It seems it was Otto von Bismarck who set up 65 years as the normal age of retirement, and some half a century later, when this country got round to setting up the social-security system, it became the accepted (and in many instances the mandatory) age of retirement. In Bismarck’s time only a minority of those insured enjoyed any long period drawing their retirement pensions, but at least it was a pension. The U.S. has never quite made up its mind what social security was meant to be-a pension or a welfare scheme. The original intention was to supplement other funds available to the retired rather than to provide total subsistence, yet this is the function it came to fulfil for a great many people. If it provided a real pension it should, most people thought, be a contributory scheme, and this is what it eventually became, funded by taxes on employers and employees. Times have changed, and the number and proportion of the aged in the population have increased, while inflation has eroded savings. Congress has increased the payments to be made to those on social security, and so the total on which annual deductions are calculated and the scale of payments have greatly increased. There is no hiding the fact that the social security withholding is a tax and a particularly retrogressive one, and also a singularly ineffective one. The socialsecurity system, with its self-financing mechanisms, is running out of money; more is, or soon will be, paid out than is being taken in. With the changing age-structure of the population a vastly increased burden will be laid on the shrinking number of the young in order to support the growing number of the old-a trend accentuated by the high level of unemployment which reduces the contributions. So the Administration and Congress will have to do some new thinking; the President’s intention is to use revenue from general taxation to shore up the social-security budget. But Congress is on the whole against the use of tax revenues for these purposes, and wants to load the costs onto the employers. One move that will do something, if only a little, to ease matters is to postpone the age of retirement, at least of mandatory retirement, from 65 to 70 years. Bills to this effect have sailed through both Houses of Congress with large majorities, and so far relatively little opposition, though this is starting to build up. This is natural in a period of high unemployment, particularly among certain minority groups and the young. Moreover, the proposal runs counter to a movement calling for the option of earlier retirement. Some of the supporters of this option see themselves taking part-time employment, thus leaving themselves time to seek companionship or find some new interest. However, the right to work part-time is restricted by the loss of social-security benefits if more than a small sum is earned each year. Many organisations find that the bulk of their employees prefer to retire outright before the age of 65, perhaps with some financial inducement to do so. There is no denying that the measure to raise the retirement age has been rather hastily passed by Congress, but some of the opposition has been trumped up. Pension experts deny that 11 would adversely affect pension schemes, since those staying on at work would continue to contribute and would be withdrawing funds for a shorter period. It is not suggested that Medicare measures would be affected; the scheme would continue to cover the same people over 65. Many people will feel grateful that they are to be offered a choice, though the problems of getting rid of those who should retire but won’t will press upon many institutions and personnel managers. The basIc problem-the provision of social security in old ageexists in this country in a very acute form, and will persist.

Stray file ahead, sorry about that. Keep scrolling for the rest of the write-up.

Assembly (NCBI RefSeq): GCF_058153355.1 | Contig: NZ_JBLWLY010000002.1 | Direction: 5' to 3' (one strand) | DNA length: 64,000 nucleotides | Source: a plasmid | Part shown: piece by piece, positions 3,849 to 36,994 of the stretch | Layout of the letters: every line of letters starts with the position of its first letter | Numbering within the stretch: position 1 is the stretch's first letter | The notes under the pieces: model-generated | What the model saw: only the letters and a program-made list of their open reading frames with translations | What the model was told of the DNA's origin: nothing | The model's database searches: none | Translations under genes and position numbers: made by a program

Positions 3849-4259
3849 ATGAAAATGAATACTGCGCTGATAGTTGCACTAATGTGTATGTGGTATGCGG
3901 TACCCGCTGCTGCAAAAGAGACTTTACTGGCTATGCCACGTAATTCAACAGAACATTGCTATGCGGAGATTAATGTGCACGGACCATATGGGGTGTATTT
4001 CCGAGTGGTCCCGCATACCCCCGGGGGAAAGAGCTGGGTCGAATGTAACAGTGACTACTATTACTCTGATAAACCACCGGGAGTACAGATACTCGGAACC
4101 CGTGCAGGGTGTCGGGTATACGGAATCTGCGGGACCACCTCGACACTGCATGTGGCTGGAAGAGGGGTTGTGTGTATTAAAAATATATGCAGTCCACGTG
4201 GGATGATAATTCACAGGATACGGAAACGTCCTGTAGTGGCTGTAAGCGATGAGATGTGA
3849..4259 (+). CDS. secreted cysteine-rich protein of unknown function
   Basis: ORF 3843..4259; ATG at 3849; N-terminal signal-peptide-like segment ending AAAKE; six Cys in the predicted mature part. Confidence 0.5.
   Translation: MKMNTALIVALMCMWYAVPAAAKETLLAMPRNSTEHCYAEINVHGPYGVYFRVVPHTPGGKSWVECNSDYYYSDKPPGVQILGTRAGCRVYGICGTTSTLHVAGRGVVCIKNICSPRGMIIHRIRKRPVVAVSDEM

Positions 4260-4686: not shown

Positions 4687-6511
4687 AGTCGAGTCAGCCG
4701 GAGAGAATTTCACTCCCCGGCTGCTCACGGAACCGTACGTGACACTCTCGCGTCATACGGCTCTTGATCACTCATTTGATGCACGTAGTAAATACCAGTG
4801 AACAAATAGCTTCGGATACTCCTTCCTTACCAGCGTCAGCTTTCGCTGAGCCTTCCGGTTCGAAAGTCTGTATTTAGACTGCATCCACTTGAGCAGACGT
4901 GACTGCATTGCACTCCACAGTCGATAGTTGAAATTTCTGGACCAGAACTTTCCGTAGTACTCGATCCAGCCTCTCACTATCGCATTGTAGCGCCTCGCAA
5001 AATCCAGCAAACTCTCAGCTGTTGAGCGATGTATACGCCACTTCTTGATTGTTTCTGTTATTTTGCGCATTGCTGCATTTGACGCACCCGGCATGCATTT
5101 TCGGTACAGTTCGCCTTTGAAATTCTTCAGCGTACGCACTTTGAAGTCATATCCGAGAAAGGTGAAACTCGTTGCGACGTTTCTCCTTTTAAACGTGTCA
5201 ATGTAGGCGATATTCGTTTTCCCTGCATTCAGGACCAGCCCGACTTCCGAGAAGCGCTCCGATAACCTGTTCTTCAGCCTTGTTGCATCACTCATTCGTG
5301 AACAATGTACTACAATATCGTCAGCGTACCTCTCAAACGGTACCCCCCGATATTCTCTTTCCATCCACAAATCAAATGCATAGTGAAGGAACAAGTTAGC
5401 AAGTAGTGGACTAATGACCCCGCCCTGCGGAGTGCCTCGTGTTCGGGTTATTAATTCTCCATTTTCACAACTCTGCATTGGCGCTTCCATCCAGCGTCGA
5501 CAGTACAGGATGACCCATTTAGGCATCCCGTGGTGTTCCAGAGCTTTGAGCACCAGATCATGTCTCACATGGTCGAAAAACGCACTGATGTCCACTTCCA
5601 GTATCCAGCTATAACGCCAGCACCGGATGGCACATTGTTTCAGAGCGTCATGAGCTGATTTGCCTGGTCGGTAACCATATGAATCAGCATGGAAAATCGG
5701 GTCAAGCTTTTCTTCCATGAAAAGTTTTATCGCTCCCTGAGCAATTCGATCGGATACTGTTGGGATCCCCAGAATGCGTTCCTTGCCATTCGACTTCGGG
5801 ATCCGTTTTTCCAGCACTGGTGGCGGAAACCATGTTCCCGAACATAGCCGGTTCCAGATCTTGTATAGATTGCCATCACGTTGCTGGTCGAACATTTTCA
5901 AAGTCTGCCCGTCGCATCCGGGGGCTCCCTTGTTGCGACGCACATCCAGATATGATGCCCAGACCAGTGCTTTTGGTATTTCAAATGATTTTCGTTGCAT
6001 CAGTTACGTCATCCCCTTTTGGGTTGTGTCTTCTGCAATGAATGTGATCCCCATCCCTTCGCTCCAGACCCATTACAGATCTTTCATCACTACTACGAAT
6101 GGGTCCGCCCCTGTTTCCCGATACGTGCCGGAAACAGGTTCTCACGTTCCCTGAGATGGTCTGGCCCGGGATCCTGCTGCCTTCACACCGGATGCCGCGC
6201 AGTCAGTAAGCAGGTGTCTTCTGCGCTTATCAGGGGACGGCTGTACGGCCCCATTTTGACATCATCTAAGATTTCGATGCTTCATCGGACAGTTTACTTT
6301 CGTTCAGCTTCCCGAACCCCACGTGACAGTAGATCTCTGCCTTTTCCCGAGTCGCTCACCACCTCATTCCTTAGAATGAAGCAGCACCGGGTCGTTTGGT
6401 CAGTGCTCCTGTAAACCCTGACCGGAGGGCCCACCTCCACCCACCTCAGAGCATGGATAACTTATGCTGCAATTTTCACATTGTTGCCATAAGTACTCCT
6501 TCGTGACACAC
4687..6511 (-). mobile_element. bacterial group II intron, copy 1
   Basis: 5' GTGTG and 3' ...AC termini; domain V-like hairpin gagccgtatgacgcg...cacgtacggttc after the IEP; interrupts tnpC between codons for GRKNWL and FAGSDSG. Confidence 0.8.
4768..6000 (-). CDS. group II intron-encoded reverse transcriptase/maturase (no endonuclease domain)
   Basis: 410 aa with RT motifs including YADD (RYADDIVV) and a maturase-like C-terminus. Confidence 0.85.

While the number of unemployed in the U.S. as a whole has decreased over the past three years, in some parts of the country unemployment has lately jumped from 10% to 40%. Two of the larger steel producers, have had to lay off many thousands of their workforce, for the U.S. steel industry is no longer able to compete with imported steel, and there is a loud public demand for steel quotas or other import controls. The Administration seems reluctant to go along with protection since it fears retaliatory tariffs and quotas which could hit many sections of U.S industry. Thus the Department of Agriculture is subsidising southern tobacco farmers who subsequently sell their product at an unrealistically low price in South-East Asia; meanwhile, almost as many dollars are spent by the National Institutes of Health to counter the effects of tobacco smoking in its own population. But foreign competition is not the whole story; the steel industry also has to spend huge sums on pollution control. While efforts to lessen atmospheric pollution are obviously necessary, the impatience of the Environmental Protection Agency in promulgating and imposing its regulations is likely to jeopardise thousands of jobs-a fact which is slowly permeating through to Congress, and has not been lost on the Steel Workers’ Union of America, whose members are campaigning for the regulations to be modified.